50 © 2010 Pearson Education, Inc. Hallmarks of Science: #2 Science progresses through the creation and testing of models of nature that explain the observations as simply as possible. (Simplicity = “Occam’s razor”)

51 © 2010 Pearson Education, Inc. Hallmarks of Science: #3 A scientific model must make testable predictions about natural phenomena that would force us to revise or abandon the model if the predictions do not agree with observations. In other words a scientific model must be falsifiable. (Karl Popper)

52 © 2010 Pearson Education, Inc.

53 Not all knowledge comes from science Suppose you are shopping for a car: You might make observations, exercise logic, test hypotheses, but this pursuit is clearly not science, because it is not directed at developing a testable explanation for observed natural phenomenon. There is nothing wrong with this knowledge!

54 © 2010 Pearson Education, Inc. What about our apprehensions and fear of science?

55 © 2010 Pearson Education, Inc. Spiritual value of science 1.The universe is not capricious and vengeful. 2.There is beauty and order beyond our wildest ancient dreams. 3.Unity and symmetry: The entire universe is made of the same elements and obey the same physical laws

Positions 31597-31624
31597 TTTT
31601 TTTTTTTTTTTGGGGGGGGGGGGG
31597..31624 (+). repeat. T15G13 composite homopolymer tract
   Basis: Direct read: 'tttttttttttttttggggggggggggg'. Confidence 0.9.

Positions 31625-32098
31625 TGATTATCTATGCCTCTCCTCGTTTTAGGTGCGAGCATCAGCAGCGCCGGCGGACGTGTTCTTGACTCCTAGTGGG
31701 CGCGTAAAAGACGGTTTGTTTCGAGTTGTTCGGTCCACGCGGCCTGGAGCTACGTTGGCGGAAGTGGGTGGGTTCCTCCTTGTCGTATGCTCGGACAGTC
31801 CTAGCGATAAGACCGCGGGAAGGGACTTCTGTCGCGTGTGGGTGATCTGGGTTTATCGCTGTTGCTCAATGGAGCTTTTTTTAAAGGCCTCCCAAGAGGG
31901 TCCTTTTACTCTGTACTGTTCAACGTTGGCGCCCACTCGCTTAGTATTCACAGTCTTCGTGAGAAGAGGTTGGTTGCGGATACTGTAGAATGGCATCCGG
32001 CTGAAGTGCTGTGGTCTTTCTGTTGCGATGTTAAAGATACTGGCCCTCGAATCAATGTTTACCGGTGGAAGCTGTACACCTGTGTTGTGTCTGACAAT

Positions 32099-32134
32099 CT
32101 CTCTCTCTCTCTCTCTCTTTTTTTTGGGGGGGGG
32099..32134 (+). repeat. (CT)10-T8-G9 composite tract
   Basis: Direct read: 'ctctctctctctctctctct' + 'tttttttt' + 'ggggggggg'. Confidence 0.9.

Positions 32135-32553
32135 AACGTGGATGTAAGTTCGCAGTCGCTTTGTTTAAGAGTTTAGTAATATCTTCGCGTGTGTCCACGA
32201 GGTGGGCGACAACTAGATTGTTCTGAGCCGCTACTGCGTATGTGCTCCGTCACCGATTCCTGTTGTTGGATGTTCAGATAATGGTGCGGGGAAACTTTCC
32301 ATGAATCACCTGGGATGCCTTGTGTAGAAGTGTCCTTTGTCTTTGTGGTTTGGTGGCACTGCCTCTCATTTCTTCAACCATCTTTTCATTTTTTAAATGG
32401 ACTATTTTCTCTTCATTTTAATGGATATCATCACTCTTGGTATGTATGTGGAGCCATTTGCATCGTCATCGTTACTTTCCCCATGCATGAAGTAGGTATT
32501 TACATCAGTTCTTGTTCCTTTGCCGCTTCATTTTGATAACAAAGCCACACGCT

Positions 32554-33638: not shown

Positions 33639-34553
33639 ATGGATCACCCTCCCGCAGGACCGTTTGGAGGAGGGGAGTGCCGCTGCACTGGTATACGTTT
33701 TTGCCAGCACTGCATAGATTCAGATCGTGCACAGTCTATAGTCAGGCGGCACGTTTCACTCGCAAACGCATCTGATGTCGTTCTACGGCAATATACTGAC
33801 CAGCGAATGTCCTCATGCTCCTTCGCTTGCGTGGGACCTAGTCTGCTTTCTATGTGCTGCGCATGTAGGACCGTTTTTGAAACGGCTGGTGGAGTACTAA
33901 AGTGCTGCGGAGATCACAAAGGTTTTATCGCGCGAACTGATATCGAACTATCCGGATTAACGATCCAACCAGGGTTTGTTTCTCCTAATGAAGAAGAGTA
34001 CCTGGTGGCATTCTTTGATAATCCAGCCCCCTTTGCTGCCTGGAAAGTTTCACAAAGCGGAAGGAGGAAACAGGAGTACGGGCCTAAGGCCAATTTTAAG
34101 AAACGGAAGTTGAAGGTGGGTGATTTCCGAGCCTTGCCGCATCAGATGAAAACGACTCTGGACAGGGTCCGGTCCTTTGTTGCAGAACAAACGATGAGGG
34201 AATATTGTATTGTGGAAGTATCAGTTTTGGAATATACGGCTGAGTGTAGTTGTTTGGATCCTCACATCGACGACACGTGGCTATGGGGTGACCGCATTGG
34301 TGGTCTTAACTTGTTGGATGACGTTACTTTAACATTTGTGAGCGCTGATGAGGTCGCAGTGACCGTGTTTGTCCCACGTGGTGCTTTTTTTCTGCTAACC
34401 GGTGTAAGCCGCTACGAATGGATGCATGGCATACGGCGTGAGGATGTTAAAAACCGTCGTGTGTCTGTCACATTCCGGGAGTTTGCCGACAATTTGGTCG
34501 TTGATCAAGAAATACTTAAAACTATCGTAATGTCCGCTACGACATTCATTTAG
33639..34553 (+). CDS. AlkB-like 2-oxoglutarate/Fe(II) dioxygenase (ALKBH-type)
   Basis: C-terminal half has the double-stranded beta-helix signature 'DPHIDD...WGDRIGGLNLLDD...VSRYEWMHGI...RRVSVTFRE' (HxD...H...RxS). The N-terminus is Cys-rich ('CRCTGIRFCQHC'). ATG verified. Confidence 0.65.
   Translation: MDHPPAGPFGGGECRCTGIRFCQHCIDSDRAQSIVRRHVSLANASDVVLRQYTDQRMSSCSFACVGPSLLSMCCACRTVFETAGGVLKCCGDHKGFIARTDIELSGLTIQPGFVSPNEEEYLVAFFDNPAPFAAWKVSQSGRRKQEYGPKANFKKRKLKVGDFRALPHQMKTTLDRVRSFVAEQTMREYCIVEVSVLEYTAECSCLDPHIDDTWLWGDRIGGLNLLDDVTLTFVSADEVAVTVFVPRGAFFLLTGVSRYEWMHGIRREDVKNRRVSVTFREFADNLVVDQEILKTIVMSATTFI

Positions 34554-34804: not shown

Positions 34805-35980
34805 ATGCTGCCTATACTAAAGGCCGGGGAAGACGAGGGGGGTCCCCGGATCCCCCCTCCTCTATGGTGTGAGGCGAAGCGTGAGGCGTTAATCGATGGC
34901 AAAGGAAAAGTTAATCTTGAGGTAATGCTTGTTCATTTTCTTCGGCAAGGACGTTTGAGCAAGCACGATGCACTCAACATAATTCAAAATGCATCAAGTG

56 © 2010 Pearson Education, Inc.

57 Our Precious Birthright Scientific progress: The cumulative growth of a system of knowledge over time in which useful features are retained and based on non useful features are abandoned, based on the rejection or confirmation of testable knowledge the rejection or confirmation of testable knowledge.

58 © 2010 Pearson Education, Inc. What is a scientific theory? The word theory has a different meaning in science than in everyday life. In science, a theory is NOT the same as a hypothesis, rather: A scientific theory must: —Explain a wide variety of observations with a few simple principles, AND —Must be supported by a large, compelling body of evidence. —Must NOT have failed any crucial test of its validity.

59 © 2010 Pearson Education, Inc. Thought Question Darwin’s theory of evolution meets all the criteria of a scientific theory. This means: A.Scientific opinion is about evenly split as to whether evolution really happened. B.Scientific opinion runs about 90% in favor of the theory of evolution and about 10% opposed. C.After more than 100 years of testing, Darwin’s theory stands stronger than ever, having successfully met every scientific challenge to its validity. D.There is no longer any doubt that the theory of evolution is absolutely true.